What is Scrimshaw Pocket blade hardness?
How do you know how long your knife will last? How “strong” or “solid” is it? How do you tell what separates the first-class Scrimshaw Pocket blade from just a beautiful blade that breaks faster than you can cook a week’s worth of dinners? Here, scientific measurement tactics come to the rescue, namely, the Rockwell hardness scale.
With so many different blade options, from carbon steel to various types of stainless steel and Scrimshaw Pocket knives, it can be difficult to determine which material is best for your purposes. So it’s worth spending some time researching this topic so that the next time you plan on buying a knife, you’ll know exactly how to check it out.
So what makes a quality kitchen knife?
- When talking about the qualities of steel for blades, classically they mean its hardness, strength, wear resistance, and ability to hold the blade. These terms can be a bit confusing, so let’s define some definitions.
- Hardness is a measure of resistance to kinks, chips, and other deformations when force is applied.
- Edge retention refers to how long a blade keeps its edge sharp.
Both strength and wear resistance are classified as durability. Not to be confused with hardness, toughness is a measure of how well a knife can withstand heavy use before cracking or chipping. There is a general rule: the harder the steel, the less strong it will be.
Corrosion resistance refers to the ability of a blade to resist chemical or elemental degradation such as rust.
But the combination of all these qualities in one knife does not mean that it will be the best. It has its characteristics: you sacrifice hardness for strength and vice versa.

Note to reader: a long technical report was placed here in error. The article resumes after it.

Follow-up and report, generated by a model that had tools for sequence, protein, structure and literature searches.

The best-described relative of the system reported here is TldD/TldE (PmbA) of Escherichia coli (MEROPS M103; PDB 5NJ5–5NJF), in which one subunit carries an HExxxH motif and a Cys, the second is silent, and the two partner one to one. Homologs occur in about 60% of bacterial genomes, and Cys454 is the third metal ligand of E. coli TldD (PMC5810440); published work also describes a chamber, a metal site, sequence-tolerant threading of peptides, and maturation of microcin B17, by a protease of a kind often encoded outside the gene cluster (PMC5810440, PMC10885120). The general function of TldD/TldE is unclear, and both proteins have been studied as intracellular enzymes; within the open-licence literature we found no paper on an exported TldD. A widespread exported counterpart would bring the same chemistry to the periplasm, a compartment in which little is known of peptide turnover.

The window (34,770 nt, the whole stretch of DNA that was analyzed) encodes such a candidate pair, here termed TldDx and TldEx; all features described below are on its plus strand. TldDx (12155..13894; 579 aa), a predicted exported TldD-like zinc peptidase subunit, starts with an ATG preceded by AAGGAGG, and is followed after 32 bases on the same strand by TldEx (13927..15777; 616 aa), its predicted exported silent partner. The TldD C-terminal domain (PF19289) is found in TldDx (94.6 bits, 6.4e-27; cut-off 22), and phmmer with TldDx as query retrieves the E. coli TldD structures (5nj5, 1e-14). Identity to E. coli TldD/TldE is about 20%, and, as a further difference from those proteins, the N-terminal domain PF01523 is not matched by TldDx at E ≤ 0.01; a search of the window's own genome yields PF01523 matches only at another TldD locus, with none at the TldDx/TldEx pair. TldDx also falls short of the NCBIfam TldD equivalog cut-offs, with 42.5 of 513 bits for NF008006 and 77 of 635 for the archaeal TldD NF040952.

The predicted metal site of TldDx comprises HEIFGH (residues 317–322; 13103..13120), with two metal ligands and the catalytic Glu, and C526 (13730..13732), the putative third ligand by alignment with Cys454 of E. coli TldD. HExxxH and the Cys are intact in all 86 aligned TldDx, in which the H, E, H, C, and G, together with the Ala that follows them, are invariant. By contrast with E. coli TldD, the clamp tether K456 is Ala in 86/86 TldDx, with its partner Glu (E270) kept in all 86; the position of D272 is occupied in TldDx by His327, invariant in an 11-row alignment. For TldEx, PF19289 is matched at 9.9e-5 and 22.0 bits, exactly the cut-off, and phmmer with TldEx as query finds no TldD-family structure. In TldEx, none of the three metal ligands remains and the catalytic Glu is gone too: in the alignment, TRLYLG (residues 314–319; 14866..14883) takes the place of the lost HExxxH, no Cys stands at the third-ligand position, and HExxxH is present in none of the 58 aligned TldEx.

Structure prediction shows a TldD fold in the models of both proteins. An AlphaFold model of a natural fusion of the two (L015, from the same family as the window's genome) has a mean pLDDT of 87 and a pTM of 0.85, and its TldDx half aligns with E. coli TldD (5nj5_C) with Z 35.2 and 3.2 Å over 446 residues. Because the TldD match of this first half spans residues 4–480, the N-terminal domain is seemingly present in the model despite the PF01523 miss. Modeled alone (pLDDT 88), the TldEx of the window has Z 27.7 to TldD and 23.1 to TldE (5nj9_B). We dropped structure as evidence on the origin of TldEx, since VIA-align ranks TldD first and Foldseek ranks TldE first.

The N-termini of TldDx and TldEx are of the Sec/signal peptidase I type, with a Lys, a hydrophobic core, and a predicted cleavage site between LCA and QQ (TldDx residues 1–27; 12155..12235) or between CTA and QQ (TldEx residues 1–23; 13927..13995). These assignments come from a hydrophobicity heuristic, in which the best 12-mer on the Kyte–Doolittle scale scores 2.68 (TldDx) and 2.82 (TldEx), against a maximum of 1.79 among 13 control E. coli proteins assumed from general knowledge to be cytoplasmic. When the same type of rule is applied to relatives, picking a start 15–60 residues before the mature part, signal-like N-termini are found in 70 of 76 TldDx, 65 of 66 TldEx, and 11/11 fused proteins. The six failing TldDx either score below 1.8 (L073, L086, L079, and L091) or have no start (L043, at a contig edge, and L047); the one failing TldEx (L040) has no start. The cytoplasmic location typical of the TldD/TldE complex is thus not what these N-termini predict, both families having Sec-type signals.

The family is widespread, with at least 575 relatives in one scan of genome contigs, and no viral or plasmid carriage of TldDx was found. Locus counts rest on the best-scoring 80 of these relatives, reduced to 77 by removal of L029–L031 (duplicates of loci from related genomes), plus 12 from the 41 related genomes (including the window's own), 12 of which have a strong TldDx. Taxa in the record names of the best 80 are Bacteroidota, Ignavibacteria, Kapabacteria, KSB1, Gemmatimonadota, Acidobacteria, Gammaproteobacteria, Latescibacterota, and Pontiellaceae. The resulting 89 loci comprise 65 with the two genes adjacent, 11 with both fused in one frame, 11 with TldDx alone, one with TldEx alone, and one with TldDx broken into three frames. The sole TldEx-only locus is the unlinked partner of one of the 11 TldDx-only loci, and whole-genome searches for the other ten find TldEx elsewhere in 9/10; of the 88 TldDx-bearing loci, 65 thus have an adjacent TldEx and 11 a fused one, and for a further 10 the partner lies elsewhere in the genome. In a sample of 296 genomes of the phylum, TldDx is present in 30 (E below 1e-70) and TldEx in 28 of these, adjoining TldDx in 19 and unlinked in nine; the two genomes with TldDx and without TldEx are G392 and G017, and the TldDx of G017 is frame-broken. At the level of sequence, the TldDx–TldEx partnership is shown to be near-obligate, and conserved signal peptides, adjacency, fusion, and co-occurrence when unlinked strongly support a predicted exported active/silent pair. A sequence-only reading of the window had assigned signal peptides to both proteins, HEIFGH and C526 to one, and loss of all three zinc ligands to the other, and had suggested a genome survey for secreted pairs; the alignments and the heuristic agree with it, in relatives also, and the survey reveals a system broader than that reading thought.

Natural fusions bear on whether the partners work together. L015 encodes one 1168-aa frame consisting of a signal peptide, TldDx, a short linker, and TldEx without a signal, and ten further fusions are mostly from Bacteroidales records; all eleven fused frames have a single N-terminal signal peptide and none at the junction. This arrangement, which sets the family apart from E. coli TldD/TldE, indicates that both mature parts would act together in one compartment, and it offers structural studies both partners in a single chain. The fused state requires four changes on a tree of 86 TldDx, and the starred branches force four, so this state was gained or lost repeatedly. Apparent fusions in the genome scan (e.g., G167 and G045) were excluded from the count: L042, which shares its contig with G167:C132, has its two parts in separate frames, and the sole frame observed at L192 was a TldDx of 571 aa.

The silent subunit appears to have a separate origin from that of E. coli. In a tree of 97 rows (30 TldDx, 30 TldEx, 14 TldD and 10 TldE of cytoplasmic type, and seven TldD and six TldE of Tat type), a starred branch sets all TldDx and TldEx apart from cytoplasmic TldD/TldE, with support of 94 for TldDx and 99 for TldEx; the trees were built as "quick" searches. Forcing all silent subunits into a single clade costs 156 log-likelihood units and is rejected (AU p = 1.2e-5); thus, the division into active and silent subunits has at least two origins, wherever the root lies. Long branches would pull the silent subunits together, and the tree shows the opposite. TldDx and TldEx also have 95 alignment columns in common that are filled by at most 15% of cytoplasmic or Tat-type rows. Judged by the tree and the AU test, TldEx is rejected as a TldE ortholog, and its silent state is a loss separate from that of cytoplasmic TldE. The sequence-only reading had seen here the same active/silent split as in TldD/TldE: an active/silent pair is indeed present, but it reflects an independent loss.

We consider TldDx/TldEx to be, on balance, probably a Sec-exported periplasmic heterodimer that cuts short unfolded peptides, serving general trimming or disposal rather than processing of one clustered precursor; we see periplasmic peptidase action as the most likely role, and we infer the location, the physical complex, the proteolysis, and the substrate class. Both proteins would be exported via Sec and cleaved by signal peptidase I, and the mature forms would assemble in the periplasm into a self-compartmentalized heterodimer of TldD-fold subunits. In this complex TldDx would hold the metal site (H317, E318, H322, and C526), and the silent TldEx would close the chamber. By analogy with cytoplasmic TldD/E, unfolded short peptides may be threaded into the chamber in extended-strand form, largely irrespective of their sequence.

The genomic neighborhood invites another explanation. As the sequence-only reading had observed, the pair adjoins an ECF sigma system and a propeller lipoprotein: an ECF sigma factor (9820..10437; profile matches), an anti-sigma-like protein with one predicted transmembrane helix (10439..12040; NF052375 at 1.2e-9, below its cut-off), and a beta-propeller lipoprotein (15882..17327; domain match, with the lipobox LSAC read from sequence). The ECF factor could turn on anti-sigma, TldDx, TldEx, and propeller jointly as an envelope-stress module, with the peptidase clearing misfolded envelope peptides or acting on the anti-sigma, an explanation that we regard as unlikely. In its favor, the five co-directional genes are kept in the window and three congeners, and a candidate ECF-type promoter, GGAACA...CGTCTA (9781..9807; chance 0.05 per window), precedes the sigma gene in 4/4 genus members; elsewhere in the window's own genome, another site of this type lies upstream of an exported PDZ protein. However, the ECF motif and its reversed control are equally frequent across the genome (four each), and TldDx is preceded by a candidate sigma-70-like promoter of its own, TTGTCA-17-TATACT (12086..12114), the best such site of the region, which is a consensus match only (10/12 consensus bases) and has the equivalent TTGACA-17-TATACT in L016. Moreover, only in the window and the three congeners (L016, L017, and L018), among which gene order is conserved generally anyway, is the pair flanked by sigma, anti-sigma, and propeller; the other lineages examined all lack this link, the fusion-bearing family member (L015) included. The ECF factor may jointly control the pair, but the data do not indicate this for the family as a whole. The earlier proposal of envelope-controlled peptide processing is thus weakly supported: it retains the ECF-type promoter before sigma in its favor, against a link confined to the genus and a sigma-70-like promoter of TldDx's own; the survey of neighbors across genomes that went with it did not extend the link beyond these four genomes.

Now that we have dealt with the properties of a knife, let’s focus on blade hardness and its measurement using the Rockwell scale.
What is the Rockwell hardness scale?
The Rockwell hardness scale is a 1900s invention by eponymous craftsmen. This is a hardness tester that shows the dependence of the measurement of the hardness of material on the pressure that must be exerted to leave an imprint on its surface.
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After several years of testing the effectiveness of the scale, today there are variations of it. For example, type A testers for tungsten carbide materials, type B testers for brass and aluminum, and type C testers for hard steel materials. When it comes to testing kitchen knife steel, hardness is a combination of a blade’s strength and how well it holds a sharp edge. And the harder the steel, the more wear resistance it has.
How to Read the Rockwell Hardness Scale
If you have ever studied the characteristics of a knife, you may have noticed several letters followed by numbers and symbols.
Keeping in mind that there are several types of Rockwell hardness scales – type A, B, C, etc., we take into account the fact that each of them uses different loads depending on the material being tested. Type C is used to measure metal materials for kitchen cutlery and is always referred to as HRC followed by its hardness rating.
The test is run more than once to determine the average rating and confirm accuracy. Typically, Type C values for kitchen knives range from 52 to 61. Therefore, the measurement will be somewhere between HRC52-HRC61, although slightly larger variations are possible.
So, the Rockwell hardness scale indicates how strong the blade of any particular kitchen knife is, and this number is often stamped or printed on the blade or handle.
How should a kitchen knife be classified?
When it comes to kitchen knives, the HRC rating can make or break a blade. At the bottom of the scale (around 52), you will see a very soft blade that will probably be easy to sharpen but will need to be sharpened often due to its inability to hold the blade. At a higher level (above HRC62) you will get a super hard but very brittle blade that breaks easily on impact.
Therefore, the best option would be high-quality kitchen knives with an HRC rating of 58 to 61. For example, a Kanetsugu Saiun Damascus utility knife with a blade hardness of 60-61.
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